The Sunday Magazine: Hacks

There is a trend in television sitcoms I have never enjoyed. I call it the “celebration of assholes” genre. The greatest example of it is “Seinfeld”. They were even a specific breed of asshole, sphincterus nyc. I always found their actions pathetic instead of funny. I usually watch an episode or two of any of these and realize it is not my thing. Much to my surprise “Hacks” got past my antipathy to this type of comedy.

Hacks is a story of two women in comedy. One is an aging stand-up comedian, Deborah Vance played by Jean Smart. The other is a young comedy writer, Ava Daniels played by Hannah Einbinder. When we meet them. Deborah Vance is planning her 2,500th show in the same Las Vegas casino. Just before, she is told that will be her last as they are replacing her with younger acts. Ava Daniels has become unable to be hired because she made a crude political social media post. Her agent tells her he can’t find her anything.

The creators, Lucia Aniello, Paul W. Downs, and Jen Statsky all came from the show Broad City. They unflinchingly explore the lives of both women. One part of that is showing they are their own worst enemies. They consistently engage in self-destructive behavior only because it makes them feel good, for a moment. If that were the single note of the show, I likely would have stopped watching it. The part which kept me engaged was both women are alone because of who they are. They both don’t like it. They both can’t help themselves in pushing people away. The beauty of this show is Deborah and Ava might be the only two people who can love the other. Whether that can happen for more than a few hours at a time kept me coming back.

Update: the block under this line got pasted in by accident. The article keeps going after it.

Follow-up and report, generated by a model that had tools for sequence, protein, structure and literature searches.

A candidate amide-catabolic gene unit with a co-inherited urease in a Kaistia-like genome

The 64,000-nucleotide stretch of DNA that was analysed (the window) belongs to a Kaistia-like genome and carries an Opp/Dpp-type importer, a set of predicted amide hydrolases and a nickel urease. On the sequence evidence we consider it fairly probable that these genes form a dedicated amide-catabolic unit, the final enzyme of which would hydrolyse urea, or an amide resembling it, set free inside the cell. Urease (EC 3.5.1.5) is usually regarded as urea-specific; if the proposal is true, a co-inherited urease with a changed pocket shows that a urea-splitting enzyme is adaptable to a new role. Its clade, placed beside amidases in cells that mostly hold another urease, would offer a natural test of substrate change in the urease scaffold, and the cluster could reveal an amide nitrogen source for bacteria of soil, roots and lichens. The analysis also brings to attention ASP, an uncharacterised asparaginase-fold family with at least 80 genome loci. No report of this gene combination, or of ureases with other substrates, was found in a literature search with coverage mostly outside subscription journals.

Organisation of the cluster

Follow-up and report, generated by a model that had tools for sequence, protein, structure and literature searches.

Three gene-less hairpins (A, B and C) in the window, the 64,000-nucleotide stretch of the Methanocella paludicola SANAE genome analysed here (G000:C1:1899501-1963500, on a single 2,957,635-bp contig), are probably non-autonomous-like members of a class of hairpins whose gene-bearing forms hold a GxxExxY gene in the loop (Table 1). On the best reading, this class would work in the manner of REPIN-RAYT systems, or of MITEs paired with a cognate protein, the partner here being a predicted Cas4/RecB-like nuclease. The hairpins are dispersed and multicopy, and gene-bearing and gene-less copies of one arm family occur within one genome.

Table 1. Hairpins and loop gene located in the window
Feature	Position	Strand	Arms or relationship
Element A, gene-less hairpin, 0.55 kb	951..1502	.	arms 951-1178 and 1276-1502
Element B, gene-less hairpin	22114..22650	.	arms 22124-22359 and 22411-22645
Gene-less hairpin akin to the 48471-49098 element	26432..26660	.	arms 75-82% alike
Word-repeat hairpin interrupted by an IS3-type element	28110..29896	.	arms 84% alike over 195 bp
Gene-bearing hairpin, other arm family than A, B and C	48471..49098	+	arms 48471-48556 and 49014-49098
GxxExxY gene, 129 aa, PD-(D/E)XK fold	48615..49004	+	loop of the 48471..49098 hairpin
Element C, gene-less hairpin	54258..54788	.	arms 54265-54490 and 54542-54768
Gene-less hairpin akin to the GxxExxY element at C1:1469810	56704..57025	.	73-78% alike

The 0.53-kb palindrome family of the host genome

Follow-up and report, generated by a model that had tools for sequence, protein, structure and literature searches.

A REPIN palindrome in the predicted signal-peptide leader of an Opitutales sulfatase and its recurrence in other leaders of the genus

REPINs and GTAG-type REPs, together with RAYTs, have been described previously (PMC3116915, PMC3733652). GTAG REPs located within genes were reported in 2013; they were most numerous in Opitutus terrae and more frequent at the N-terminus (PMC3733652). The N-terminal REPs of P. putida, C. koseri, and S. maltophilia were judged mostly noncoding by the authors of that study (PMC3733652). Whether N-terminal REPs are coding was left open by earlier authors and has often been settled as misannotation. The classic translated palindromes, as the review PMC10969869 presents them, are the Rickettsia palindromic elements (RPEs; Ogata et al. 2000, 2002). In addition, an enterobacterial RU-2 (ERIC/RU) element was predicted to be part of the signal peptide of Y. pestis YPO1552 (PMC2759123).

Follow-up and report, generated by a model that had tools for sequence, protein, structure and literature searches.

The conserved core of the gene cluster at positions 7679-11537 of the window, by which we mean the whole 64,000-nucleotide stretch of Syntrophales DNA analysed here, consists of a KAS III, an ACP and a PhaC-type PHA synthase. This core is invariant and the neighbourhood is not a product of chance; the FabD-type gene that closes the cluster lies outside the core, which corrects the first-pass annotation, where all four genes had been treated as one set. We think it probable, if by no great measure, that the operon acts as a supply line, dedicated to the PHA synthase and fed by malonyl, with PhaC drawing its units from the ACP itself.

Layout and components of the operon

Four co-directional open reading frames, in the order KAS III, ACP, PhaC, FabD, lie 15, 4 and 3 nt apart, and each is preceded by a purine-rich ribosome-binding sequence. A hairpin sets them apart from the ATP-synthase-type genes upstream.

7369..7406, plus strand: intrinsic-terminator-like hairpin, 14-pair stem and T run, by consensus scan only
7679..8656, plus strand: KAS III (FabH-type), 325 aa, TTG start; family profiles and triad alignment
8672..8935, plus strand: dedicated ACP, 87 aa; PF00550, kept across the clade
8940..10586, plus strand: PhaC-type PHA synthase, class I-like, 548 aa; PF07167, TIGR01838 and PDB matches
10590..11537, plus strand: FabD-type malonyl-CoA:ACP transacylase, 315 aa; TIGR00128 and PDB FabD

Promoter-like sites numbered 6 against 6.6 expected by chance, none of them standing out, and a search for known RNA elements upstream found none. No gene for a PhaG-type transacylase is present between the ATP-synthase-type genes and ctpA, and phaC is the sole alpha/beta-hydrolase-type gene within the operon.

Another thing I liked about Hacks is the peek behind the scenes of stand-up comedy. I have always enjoyed the glimpses shows have given to the work that goes into being a stand-up. Deborah’s story is in broad strokes modeled on Joan Rivers. As one of the first female stand-ups she has survived a lot to be standing for this milestone show. It is all she has, and she doesn’t know anything else. Ava exemplifies the smart joke writers who work with the people who deliver the jokes. She also is a classic millennial and she and Deborah have a generational friction which plays throughout.

As I’ve thought about it the thing which kept me watching is these assholes have the opportunity for redemption. They seem to know what they are while willing to try and change. I found that the writers of Hacks found plenty of laughs in that premise.

Mark Behnke